• Implementation of diversity in the workplace policies

This can be the overriding challenge to all diversity advocates. Although on paper workplace diversity may seem like a good idea, many companies experience challenges when attempting to implement changes. Employers must develop strategies for implementation, analyze results and make necessary changes if results do not meet the established goals. The implementation process may present challenges to everyone involved, and frustrations may arise because implementation is not as smooth as expected. To help with implementation, employers may decide to hire experienced professionals who specialize in workplace diversity. Experienced professionals understand the challenges and know how to handle them. Armed with the results of employee assessments and research data, they must build and implement a customized strategy to maximize the effects of diversity in the workplace for their particular organization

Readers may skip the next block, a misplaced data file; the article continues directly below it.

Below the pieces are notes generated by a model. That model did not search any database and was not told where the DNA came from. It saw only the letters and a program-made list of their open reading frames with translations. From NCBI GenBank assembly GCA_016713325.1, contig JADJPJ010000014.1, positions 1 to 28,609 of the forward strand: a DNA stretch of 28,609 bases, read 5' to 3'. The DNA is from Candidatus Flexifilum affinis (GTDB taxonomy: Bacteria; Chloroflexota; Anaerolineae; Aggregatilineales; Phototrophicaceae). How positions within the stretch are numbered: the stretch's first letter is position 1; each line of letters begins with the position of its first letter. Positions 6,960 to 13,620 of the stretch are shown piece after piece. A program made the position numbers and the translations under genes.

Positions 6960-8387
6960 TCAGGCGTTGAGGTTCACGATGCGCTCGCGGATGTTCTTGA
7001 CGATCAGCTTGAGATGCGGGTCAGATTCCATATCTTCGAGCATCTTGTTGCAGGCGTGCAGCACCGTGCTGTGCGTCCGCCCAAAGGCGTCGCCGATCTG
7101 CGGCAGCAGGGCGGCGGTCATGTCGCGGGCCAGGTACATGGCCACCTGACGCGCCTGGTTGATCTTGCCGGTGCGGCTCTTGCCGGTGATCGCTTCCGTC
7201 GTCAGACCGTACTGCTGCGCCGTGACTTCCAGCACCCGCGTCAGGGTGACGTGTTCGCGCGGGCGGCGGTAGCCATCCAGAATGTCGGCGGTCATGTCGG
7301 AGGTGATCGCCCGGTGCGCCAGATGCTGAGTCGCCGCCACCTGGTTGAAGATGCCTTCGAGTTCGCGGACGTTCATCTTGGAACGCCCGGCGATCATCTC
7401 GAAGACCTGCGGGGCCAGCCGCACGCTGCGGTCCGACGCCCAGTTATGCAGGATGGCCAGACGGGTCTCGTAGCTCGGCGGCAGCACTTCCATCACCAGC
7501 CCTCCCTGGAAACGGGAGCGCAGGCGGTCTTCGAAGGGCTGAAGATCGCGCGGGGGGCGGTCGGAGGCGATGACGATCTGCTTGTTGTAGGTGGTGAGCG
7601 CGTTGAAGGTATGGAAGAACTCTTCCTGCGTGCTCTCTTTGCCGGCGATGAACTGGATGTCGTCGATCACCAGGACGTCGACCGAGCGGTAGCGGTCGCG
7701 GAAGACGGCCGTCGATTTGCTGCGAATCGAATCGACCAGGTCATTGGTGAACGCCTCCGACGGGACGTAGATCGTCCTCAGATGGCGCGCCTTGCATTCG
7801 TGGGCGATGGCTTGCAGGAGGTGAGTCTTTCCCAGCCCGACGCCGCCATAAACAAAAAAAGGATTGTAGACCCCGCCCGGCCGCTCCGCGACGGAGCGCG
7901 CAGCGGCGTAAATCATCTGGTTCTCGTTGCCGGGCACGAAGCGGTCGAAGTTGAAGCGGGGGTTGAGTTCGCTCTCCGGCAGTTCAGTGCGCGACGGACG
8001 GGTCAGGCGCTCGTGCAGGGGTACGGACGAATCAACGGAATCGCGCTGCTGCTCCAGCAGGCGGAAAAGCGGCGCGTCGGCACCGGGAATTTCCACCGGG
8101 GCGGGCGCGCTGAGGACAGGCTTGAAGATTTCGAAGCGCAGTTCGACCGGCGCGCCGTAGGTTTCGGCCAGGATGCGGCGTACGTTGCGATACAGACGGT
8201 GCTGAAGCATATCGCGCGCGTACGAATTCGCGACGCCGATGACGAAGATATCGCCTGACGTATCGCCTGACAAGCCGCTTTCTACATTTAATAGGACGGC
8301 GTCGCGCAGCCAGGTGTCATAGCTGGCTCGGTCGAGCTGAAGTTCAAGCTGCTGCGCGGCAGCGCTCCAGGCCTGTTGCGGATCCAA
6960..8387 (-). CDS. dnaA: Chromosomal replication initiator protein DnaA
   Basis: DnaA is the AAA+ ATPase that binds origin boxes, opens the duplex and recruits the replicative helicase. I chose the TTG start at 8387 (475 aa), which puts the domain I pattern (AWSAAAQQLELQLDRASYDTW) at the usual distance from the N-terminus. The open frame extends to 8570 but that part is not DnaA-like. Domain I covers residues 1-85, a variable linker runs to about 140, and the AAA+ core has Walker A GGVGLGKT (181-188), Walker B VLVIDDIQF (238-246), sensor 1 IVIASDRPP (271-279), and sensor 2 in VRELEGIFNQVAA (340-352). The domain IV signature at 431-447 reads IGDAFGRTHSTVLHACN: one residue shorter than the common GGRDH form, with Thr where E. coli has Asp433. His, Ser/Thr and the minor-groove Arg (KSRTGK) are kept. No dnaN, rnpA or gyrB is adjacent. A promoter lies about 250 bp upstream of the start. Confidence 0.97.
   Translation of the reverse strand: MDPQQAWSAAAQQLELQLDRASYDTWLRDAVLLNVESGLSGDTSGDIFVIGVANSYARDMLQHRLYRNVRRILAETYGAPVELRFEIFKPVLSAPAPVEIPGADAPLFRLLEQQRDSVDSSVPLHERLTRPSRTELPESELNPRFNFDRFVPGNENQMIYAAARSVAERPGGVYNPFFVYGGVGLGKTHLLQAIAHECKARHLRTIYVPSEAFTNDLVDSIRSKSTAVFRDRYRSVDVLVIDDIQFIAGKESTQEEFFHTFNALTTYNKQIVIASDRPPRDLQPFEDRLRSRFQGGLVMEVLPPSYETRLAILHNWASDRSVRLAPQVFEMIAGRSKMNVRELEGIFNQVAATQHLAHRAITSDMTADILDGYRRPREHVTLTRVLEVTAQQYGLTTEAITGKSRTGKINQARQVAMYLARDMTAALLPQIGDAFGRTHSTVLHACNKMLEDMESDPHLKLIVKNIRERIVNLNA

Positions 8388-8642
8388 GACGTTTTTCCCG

• Managing Diversity in the Workplace

Diversity training alone is not sufficient for your organization’s diversity management plan. A strategy must be created and implemented to create a culture of diversity that permeates every department and function of the organization.